- What types of risks does the evolution of payment systems foreshadow for your credit union?
- How is your credit union growing? How might you need to grow differently in the future? Even if your credit union is growing, is it genuinely improving members’ financial lives?
- What would the “ideal” board for the credit union you envision in the future be like? Do you have the right blend of directors for that future? What would the future focus be? What committees would the board have? What type of relationship would it have with your CEO and executive team? What type of relationship would it have with your members and the community?
- How does your credit union define its risk tolerance or philosophy? Are you too risk-averse? How does your credit union’s risk profile compare to peers? How should you balance ROA, risk and stewardship to members?
- How do you leverage your cooperative culture into a competitive advantage?
- Are there other success measures you should be looking at, beyond financial performance?
We strongly encourage the board to work hard to fine-tune a strategic plan that includes clear vision and mission statements, strategic goals, objectives and metrics in constructive partnership with your committee leadership, CEO and executive team. After reaching a consensus on the features on the accompanying chart shown in blue, challenge your CEO and executive team to develop their organizational work plans to meet or exceed your agreed-upon strategic goals.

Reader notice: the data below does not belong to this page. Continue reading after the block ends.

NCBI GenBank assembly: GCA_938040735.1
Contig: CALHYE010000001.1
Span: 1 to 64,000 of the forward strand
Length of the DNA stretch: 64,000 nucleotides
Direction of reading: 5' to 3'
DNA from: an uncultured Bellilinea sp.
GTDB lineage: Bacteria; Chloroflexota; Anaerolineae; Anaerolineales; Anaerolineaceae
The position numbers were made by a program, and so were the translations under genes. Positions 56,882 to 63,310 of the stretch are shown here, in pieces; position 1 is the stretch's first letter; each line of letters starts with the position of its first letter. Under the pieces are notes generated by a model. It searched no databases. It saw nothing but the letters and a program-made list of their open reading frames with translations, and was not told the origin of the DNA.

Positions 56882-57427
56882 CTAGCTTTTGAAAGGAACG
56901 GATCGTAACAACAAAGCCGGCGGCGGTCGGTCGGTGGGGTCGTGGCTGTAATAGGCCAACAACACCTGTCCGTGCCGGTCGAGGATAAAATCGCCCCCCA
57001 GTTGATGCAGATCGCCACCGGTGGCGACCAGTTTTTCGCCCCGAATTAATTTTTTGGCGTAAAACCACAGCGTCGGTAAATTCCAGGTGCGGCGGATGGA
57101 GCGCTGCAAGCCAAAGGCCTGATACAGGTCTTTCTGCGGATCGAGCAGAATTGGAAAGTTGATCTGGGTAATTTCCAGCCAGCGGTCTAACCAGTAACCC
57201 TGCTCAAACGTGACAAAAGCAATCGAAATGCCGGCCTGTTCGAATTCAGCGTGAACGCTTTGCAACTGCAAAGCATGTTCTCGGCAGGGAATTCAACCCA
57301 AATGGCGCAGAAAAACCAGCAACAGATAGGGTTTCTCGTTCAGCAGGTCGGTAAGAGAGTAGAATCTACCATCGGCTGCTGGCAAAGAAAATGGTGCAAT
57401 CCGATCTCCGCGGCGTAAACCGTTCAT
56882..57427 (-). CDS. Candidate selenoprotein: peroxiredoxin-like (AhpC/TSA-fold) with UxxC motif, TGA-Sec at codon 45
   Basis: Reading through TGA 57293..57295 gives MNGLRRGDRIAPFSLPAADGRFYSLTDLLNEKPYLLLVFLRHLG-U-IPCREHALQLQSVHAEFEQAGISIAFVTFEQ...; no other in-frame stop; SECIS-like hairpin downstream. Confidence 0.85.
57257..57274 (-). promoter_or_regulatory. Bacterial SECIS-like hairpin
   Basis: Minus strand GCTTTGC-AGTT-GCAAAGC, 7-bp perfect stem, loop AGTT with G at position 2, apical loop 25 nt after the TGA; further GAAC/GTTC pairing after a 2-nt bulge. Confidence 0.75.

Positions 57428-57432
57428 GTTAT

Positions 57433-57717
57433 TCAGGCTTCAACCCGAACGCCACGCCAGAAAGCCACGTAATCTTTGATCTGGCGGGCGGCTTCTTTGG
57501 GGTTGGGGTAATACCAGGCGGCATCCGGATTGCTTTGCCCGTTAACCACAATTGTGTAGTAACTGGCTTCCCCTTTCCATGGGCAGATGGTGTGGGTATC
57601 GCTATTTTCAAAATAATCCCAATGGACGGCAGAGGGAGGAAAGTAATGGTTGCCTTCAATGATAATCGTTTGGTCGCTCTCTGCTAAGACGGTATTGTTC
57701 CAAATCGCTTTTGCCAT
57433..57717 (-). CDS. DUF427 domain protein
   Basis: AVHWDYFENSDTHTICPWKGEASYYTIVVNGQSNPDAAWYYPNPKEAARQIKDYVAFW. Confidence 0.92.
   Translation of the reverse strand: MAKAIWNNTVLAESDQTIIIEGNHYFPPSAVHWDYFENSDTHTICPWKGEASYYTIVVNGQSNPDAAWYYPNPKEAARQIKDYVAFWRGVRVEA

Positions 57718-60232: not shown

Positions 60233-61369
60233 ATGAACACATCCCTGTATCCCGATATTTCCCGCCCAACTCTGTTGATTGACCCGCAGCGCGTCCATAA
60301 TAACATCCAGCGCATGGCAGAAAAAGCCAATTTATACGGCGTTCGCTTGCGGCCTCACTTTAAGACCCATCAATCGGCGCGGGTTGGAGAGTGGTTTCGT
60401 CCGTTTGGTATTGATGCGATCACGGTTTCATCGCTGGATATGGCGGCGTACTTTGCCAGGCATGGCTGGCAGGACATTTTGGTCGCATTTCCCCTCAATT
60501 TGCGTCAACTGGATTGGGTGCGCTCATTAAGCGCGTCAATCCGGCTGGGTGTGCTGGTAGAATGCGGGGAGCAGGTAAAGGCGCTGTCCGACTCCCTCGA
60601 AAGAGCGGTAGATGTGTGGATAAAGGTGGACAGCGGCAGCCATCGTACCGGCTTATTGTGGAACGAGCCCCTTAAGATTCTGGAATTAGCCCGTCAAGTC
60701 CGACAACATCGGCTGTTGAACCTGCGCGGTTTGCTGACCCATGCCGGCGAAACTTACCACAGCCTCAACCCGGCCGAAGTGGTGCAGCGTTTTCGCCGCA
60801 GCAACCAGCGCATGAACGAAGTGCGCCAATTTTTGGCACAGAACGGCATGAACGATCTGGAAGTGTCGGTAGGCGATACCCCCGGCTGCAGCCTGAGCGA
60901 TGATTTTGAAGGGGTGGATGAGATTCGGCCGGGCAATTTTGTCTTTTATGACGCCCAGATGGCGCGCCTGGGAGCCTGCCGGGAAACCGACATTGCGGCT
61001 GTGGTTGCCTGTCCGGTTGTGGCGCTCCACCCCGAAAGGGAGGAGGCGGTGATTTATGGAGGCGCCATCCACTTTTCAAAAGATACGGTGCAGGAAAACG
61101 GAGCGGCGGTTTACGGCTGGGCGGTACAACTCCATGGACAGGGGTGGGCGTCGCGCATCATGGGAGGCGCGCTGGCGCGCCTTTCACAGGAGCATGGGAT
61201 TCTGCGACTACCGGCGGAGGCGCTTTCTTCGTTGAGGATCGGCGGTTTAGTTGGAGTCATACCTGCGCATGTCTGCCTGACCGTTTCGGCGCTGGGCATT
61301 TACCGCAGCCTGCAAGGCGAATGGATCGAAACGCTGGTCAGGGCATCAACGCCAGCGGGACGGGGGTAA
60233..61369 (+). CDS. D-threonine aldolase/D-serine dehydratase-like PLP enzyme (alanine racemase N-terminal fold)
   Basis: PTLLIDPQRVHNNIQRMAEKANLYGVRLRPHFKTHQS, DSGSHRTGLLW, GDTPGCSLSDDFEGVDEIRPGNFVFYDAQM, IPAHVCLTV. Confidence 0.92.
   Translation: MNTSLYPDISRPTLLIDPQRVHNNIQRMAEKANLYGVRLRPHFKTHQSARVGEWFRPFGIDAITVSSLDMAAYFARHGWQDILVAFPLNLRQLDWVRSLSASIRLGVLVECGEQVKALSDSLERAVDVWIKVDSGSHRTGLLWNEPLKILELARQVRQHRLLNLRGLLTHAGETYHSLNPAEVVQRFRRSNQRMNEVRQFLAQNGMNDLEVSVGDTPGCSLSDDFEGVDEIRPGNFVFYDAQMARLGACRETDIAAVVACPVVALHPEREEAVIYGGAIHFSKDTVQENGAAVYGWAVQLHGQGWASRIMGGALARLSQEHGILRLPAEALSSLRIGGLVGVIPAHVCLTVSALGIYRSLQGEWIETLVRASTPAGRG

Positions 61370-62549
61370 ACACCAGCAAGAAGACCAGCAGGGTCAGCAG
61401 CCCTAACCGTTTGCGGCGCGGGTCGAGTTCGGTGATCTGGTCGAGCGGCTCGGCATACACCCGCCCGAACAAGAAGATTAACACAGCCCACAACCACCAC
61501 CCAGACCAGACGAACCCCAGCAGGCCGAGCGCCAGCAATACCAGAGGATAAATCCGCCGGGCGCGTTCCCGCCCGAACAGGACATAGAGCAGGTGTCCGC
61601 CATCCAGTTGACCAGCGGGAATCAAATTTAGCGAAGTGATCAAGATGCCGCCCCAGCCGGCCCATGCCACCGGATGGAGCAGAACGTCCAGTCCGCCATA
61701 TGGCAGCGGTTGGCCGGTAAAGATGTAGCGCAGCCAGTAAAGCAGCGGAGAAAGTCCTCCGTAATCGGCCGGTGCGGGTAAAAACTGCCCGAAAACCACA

But don’t stop there. Include regular and ongoing strategic thinking, discourse and potential changes to your strategic plan, if necessary, in board meetings throughout the year. Insist that your CEO and management team report regularly on the strategic metrics of success as you march toward achieving your strategic goals and objectives. Consider changes in the marketplace or your business environment regularly to assess whether anything needs to be fine-tuned, adjusted or even eliminated.
Strategic planning and thinking are continual processes. Off-site sessions annually or every few years may be helpful to recalibrate your leadership’s thinking, but they’re not the end-all. The real work of strategic planning should be a regular feature of the discourse and thinking of the board and executive team—day in and day out, moving beyond the “moment” (though that’s a good start) to become the central focus of your most important deliberations.
Michael Daigneault, CCD, is CEO at Quantum Governance L3C and has more than 30 years of experience in the field of governance, management, strategy, planning and facilitation. Daigneault has served as an executive in residence at the Rotman School of Business program for credit union leaders focused on credit union governance.
Jennie Boden serves as managing director of strategic relationships and a senior consultant with Quantum Governance. She has more than 20 years of experience in the national nonprofit sector and served as the chief staff officer for two nonprofits before coming to Quantum Governance.